All the Religions of India
Hindu ascetics on the steps to the Ganges in Varanasi, India. Photo by Mark Dozier/Shutterstock
Dreams and Visions

All the Religions of India

An Overview of the Multifaith State
Maciej Wesołowski
time 22 minutes

Hindus, Muslims, Buddhists, Sikhs, Jains, Christians, Zoroastrians, Jews, Baháʼís, eremites, teachers, holy men, charlatans… India’s religious spectrum is rich and diverse, and religion has an enormous impact on almost all areas of life.

Garlands of bright orange marigolds adorn the streets, massive billboards feature images of priests, ads for religious schools and meditation centers. I’m surrounded by thousands of people, and millions are present at this event. They are everywhere—on the sidewalks, clutching onto railings, climbing lampposts. Endless campsites surround the city. In Haridwar in the north of India—population two hundred thousand—there are currently five, six, or maybe even seven million pilgrims. Dressed in saffron robes, sadhus (from the Sanskrit: “good people”), ascetics, eremites, yogis. They came here to celebrate the Kumbh Mela (or the Pitcher Festival; kumbh refers to the vessel from which holy water is poured). It is the major celebration in Hinduism, record-breaking in terms of the number of participants, not only in India, but also around the globe. Suffice to say that during the 2001 Kumbh Mela, seventy million people celebrated in Allahabad (now Prayagraj), and eighteen years later this number went up to 120 million. It should be noted, however, that this is the total number of all pilgrims who passed through the city over two months. This is why the Kumbh Mela is known as the largest religious assembly in human history.

I follow the pilgrims towards the ghats, the concrete stairs on the waterfront, where they can take a cleansing dip in the water. They traveled here to seek forgiveness for their sins and atonement (prāyaścitta), to broaden their awareness and strengthen their willpower, and to finally begin a new chapter, a better life. Both the tirtha (place of pilgrimage) and the dip in the water are stages on the path to achieving moksha, i.e., liberation from saṃsāra—the cycle of birth and death. Importantly, the water used to wash the body must come from one of the sacred rivers: the Ganges, Jamuna, Godavari, Shipra, or the underground Sarasvati. The Kumbh Mela is celebrated alternately every twelve years in one of the four cities of Prayagraj, Haridwar, Ujjain, or Nashik, meaning that once every three years somewhere in India you can take a cleansing bath.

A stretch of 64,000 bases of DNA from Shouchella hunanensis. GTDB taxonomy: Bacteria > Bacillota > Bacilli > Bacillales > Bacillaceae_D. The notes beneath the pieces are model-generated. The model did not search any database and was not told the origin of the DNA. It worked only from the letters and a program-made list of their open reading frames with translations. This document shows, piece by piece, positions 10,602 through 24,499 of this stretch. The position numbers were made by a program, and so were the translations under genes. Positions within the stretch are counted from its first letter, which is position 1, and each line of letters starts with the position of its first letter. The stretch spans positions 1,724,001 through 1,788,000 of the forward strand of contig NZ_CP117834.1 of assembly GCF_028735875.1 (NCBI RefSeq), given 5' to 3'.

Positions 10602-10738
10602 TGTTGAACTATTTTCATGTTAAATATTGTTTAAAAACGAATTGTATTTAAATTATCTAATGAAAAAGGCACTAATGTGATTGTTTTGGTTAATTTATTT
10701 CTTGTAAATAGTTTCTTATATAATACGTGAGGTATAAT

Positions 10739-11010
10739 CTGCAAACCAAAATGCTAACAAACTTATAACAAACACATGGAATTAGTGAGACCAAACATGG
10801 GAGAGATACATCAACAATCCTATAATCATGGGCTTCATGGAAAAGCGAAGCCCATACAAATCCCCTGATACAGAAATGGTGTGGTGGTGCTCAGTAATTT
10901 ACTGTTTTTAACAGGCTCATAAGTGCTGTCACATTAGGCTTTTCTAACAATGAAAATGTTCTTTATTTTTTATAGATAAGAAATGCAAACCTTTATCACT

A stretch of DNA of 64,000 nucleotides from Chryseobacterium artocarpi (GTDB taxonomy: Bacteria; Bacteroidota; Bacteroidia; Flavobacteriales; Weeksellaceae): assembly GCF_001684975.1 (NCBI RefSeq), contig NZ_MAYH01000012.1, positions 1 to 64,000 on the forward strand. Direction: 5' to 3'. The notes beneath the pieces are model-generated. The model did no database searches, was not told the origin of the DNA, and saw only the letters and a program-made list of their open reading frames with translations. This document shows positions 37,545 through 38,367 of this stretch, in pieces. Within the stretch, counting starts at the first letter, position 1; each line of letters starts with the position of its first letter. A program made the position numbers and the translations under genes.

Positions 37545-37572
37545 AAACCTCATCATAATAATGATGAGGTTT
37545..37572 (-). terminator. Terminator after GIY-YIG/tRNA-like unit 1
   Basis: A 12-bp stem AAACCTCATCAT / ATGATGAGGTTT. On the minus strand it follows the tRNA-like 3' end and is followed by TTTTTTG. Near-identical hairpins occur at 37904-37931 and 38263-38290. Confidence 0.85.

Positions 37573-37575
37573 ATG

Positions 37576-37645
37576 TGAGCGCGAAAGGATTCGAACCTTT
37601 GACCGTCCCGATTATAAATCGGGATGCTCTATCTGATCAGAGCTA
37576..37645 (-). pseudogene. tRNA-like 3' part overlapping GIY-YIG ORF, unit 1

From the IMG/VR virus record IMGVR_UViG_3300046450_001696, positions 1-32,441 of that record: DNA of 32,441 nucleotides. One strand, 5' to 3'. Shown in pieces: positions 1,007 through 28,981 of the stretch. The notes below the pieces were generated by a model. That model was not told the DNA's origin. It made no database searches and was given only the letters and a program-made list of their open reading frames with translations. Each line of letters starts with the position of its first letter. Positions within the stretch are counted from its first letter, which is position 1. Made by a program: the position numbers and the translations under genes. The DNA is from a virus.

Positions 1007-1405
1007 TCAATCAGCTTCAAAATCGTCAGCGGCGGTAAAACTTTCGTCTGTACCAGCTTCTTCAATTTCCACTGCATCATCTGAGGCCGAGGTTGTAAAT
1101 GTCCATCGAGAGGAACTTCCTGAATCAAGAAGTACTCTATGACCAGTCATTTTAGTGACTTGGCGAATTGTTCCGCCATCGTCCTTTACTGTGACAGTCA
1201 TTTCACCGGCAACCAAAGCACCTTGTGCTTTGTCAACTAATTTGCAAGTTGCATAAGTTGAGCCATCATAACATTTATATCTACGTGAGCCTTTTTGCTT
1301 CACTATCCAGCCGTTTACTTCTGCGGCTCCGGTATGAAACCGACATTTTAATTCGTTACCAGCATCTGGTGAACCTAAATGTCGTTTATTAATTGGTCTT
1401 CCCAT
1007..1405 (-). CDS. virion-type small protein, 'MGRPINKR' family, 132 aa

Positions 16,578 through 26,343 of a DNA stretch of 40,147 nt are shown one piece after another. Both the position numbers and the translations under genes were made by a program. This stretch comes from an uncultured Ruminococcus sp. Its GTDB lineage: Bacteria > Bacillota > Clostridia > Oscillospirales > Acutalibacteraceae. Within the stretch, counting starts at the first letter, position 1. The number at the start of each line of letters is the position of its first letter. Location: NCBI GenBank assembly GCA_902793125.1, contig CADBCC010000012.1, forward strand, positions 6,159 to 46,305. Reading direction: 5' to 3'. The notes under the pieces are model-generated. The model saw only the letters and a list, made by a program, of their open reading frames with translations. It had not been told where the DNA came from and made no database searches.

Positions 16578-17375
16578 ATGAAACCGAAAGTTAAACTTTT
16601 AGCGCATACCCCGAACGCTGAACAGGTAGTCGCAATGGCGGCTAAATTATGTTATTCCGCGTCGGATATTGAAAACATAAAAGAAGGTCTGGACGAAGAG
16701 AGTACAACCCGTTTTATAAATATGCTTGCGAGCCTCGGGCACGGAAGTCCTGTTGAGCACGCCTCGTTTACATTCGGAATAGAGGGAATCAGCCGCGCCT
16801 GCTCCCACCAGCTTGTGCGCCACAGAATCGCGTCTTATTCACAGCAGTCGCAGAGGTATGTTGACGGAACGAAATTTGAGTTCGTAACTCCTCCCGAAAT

This ritual has a long history. Descriptions of similar practices can be found in ancient Vedic texts, including the famous epic poem Mahabharata. In it, one of the protagonists—submerged in despair and sadness following the great Kurukshetra War—travels to Prayagraj to atone and achieve peace of mind by bathing in the Ganges. Peace of mind, and also of the body—Indian writings feature descriptions of miraculous healings that took place during successive congregations. According to contemporary scholars of religion, these can be explained by a powerful unity forming within the community. In such circumstances, pilgrims tend to think in terms of “we” rather than “I,” which helps them to free themselves of some ailments. The very


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12 Holidays from the Indian Calendar
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If you feel like you could use more opportunities to celebrate, here is a list of unique holidays brought to you straight from India.

The reformed Indian calendar is a solar one, divided into 12 months, each measured from full moon to new moon. It is used along with the Gregorian one by the local administration and offices. It also serves for marking the dates of public holidays, allowing the synchronization of the passing of time for people who follow different religions, inhabit many regions, and use various traditional solar and lunar calendars. The most important holidays are those that take place during the full or new moon nights. The year is divided into six seasons, called ritu. According to Hinduism, time is a cycle, a continuous process of creation and destruction, divided into four eras. Right now, we are going through the last stage of the cycle, known as Kali Yuga: the age of darkness.

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